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Conflict is inevitable in every family. How we as parents manage conflict and getting angry is very important in our relationship with our children. Children learn from and respect parents who handle conflict and anger effectively. They also respect parents who are able to apologize.


What not to do:

  • Do not blame the child, generalize, name call or yell.

  • Avoid explosive anger and the cold shoulder.

When we express anger unproductively there are unwelcome side effects: The child does not focus on the behavior to be changed. The child becomes angry. The child becomes more distant from the parent. The parent stays angry. Family bonds are weakened.


What to do:

  • Notice the signs in our body when we are starting to get frustrated and angry.

  • Give yourself a moment or two to breathe and calm down.

  • Once we are under control we can express our anger constructively.

  • Say how you feel. 

"I am feeling angry."

"I am angry because you left the dishes in the sink instead of putting them in the dishwasher."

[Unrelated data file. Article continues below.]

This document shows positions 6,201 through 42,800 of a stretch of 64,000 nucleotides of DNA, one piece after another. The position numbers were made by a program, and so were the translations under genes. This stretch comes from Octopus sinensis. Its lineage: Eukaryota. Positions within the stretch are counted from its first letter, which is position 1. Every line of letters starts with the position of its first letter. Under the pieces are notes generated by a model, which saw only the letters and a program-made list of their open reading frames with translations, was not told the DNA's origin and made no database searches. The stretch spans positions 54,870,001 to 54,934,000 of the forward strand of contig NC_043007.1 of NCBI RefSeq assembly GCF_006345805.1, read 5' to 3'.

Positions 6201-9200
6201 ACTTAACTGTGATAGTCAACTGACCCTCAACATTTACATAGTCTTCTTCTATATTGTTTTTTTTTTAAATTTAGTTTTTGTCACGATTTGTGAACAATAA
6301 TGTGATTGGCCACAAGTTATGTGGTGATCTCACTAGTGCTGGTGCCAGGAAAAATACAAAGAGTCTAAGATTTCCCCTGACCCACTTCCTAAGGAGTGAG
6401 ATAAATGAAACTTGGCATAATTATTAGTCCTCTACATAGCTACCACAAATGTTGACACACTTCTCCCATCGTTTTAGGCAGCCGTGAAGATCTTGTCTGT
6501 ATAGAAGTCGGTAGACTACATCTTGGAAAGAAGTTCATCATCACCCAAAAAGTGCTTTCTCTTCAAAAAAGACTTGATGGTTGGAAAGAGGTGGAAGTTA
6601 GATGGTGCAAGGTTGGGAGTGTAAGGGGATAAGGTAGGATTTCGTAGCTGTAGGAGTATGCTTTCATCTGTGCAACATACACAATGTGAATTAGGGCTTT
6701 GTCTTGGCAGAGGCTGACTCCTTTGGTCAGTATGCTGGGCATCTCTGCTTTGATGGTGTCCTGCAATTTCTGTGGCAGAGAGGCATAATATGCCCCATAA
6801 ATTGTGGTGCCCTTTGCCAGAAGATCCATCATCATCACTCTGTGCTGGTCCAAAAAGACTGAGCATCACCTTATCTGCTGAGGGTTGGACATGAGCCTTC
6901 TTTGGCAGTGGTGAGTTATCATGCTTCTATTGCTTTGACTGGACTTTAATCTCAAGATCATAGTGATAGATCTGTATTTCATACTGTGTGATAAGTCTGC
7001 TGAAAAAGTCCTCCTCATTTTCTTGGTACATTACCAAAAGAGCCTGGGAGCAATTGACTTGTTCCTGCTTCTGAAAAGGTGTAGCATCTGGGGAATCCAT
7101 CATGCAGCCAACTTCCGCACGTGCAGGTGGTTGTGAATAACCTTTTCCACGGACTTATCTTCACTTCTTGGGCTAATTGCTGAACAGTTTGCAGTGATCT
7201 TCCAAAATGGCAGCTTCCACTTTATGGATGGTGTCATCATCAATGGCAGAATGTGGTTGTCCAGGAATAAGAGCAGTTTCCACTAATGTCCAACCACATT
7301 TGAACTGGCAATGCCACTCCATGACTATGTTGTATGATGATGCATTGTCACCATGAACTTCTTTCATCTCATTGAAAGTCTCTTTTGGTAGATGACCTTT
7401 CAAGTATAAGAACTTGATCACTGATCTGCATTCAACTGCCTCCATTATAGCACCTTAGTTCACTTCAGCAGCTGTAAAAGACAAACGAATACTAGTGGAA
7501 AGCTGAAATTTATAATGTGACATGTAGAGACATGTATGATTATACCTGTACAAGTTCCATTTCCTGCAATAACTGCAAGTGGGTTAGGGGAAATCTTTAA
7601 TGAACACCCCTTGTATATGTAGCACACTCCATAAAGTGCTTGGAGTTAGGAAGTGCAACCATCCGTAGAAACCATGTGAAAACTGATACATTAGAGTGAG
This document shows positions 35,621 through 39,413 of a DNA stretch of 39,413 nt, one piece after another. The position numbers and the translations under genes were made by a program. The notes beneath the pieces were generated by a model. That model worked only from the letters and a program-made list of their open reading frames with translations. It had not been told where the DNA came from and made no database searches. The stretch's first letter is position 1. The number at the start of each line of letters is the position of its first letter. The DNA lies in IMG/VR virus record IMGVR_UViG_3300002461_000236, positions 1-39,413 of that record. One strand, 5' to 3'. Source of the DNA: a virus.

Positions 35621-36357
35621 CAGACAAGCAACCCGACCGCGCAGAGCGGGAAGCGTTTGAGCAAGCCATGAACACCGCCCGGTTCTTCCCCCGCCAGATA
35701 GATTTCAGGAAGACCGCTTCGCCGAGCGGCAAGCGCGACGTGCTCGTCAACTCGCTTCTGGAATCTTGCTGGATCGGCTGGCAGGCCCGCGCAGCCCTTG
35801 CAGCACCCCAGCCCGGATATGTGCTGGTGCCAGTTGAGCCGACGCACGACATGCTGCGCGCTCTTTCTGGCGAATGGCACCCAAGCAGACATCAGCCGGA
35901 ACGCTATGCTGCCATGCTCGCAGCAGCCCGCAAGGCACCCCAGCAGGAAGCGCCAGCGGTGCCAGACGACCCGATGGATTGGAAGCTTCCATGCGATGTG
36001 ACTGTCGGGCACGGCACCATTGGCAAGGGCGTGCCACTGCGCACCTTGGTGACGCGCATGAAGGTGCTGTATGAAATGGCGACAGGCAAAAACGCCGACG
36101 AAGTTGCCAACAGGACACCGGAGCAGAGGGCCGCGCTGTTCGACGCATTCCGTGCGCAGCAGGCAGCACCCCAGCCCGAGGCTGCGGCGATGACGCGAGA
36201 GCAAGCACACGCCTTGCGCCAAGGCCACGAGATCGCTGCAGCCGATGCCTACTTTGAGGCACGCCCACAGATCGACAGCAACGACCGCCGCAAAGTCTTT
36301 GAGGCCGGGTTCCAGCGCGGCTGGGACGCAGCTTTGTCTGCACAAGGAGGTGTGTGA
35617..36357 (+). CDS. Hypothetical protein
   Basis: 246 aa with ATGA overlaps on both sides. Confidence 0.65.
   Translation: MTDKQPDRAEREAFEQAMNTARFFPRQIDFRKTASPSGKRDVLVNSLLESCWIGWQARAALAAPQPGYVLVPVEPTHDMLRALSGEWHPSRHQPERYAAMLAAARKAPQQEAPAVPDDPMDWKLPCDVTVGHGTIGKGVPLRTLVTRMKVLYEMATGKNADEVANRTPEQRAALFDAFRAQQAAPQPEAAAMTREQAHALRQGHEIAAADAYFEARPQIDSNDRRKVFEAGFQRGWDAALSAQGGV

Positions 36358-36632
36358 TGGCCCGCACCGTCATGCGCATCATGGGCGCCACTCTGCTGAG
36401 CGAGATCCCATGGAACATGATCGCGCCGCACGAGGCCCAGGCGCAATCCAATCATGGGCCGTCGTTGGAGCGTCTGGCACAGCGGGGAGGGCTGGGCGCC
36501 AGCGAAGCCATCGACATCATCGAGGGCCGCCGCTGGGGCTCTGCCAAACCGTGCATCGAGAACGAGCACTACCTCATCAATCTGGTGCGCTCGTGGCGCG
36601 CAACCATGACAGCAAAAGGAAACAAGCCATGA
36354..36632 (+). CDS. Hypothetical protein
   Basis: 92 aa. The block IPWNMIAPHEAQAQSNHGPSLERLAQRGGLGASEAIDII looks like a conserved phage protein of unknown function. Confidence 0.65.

"The reason that I feel angry about that is that I have just gotten home from work and I want to start making dinner."

  • Take a breath and give your child a chance to propose how they would resolve the situation.

  • Ask them, "What can we do to solve this?"


  1. Practice  talking through something that comes up in your family that makes you angry and causes conflict. How can you communicate this more effectively?

  2. Where do you feel anger and upset in your body (e.g. tight chest, knot in your stomach, headache)? Pay attention to these signals as a way to recognize and slow down the anger process.

  3. What do you feel like you need to work on to be a more effective parent and leader during family conflict?

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